Some Oxfam shops do take VHS tapes, but it’s not very common these days. Even if you find an Oxfam that does accept VHS tapes donations, they’ll probably only accept only a few pieces rather than a large collection.
Yes, you can donate VHS tapes to Goodwill. According to their website, they accept several forms of media including VHS tapes, DVDs, CDs, Blu-Rays and vinyl records. So if you don’t know what to do with VHS tapes, Goodwill is a great place to try.
We hope you enjoyed that guide on how to recycle VHS tapes and cassette tapes. Disposing of them is not easy, but proper disposal of those items is essential for protecting the environment.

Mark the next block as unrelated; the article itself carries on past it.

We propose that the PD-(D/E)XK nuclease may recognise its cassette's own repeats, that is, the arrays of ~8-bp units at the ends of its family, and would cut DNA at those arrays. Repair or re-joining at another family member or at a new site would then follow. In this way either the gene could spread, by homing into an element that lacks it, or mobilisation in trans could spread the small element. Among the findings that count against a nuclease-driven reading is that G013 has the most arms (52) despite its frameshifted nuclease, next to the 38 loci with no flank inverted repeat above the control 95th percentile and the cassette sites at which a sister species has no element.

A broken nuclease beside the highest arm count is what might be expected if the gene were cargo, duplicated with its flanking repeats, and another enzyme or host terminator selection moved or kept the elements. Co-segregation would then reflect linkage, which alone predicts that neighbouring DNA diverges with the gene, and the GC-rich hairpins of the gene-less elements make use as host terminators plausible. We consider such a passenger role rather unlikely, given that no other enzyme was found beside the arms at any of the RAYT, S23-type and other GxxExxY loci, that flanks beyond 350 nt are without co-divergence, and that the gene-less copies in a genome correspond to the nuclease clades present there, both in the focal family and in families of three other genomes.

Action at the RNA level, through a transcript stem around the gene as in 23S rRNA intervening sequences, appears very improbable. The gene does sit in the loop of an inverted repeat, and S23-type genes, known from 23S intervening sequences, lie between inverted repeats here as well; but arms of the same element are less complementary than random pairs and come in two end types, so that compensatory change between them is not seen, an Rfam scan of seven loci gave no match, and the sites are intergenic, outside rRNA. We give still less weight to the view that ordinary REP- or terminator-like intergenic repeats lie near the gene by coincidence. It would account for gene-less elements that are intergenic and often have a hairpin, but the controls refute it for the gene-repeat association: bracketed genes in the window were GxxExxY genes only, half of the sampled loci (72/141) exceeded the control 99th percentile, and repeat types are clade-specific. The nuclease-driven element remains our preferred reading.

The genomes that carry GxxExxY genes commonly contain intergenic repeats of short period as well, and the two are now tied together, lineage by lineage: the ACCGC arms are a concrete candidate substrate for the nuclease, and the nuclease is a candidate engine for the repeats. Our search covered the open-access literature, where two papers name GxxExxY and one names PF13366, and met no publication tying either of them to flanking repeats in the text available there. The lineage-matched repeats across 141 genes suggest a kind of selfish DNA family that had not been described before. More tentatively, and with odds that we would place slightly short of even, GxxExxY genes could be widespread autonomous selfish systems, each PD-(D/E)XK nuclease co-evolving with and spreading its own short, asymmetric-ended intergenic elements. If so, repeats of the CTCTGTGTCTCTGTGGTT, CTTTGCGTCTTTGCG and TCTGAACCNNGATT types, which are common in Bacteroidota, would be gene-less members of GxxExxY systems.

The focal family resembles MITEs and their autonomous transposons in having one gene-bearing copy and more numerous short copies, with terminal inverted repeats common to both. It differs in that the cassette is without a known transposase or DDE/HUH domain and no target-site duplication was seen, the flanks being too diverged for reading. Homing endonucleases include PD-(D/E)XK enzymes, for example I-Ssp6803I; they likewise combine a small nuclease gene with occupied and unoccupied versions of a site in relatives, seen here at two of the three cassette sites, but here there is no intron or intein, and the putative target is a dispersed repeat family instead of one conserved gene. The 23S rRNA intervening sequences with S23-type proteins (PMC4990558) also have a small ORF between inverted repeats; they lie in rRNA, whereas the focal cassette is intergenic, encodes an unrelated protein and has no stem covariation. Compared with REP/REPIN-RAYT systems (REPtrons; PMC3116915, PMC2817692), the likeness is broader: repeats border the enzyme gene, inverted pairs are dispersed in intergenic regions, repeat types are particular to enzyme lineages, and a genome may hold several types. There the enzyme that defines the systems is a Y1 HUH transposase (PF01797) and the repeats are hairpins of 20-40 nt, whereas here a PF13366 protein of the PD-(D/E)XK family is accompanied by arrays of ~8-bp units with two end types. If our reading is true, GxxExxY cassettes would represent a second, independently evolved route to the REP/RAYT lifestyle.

If you’re in the San Francisco Bay Area, recycle your VHS and cassette tapes by dropping them off or mailing them to the GreenCitizen EcoCenter now. Or schedule a recycling pick-up with us (The pickup service is only available for businesses*).
Thank you for sharing this helpful guide on how to recycle VHS tapes. It is important to find ways to dispose of old technology properly and sustainably, and your post provides some valuable tips.
I was particularly interested in the suggestion to look for specialized recycling facilities that can handle VHS tapes. It’s good to know that there are options beyond just throwing them in the trash.
One thing I would add is that it’s worth considering donating old VHS tapes to libraries or community organizations, as some may still find value in the content. However, it’s important to ensure that the tapes are in good condition and still work properly before donating them.
Overall, this post provides some great information on how to responsibly dispose of VHS tapes. Thanks again for sharing.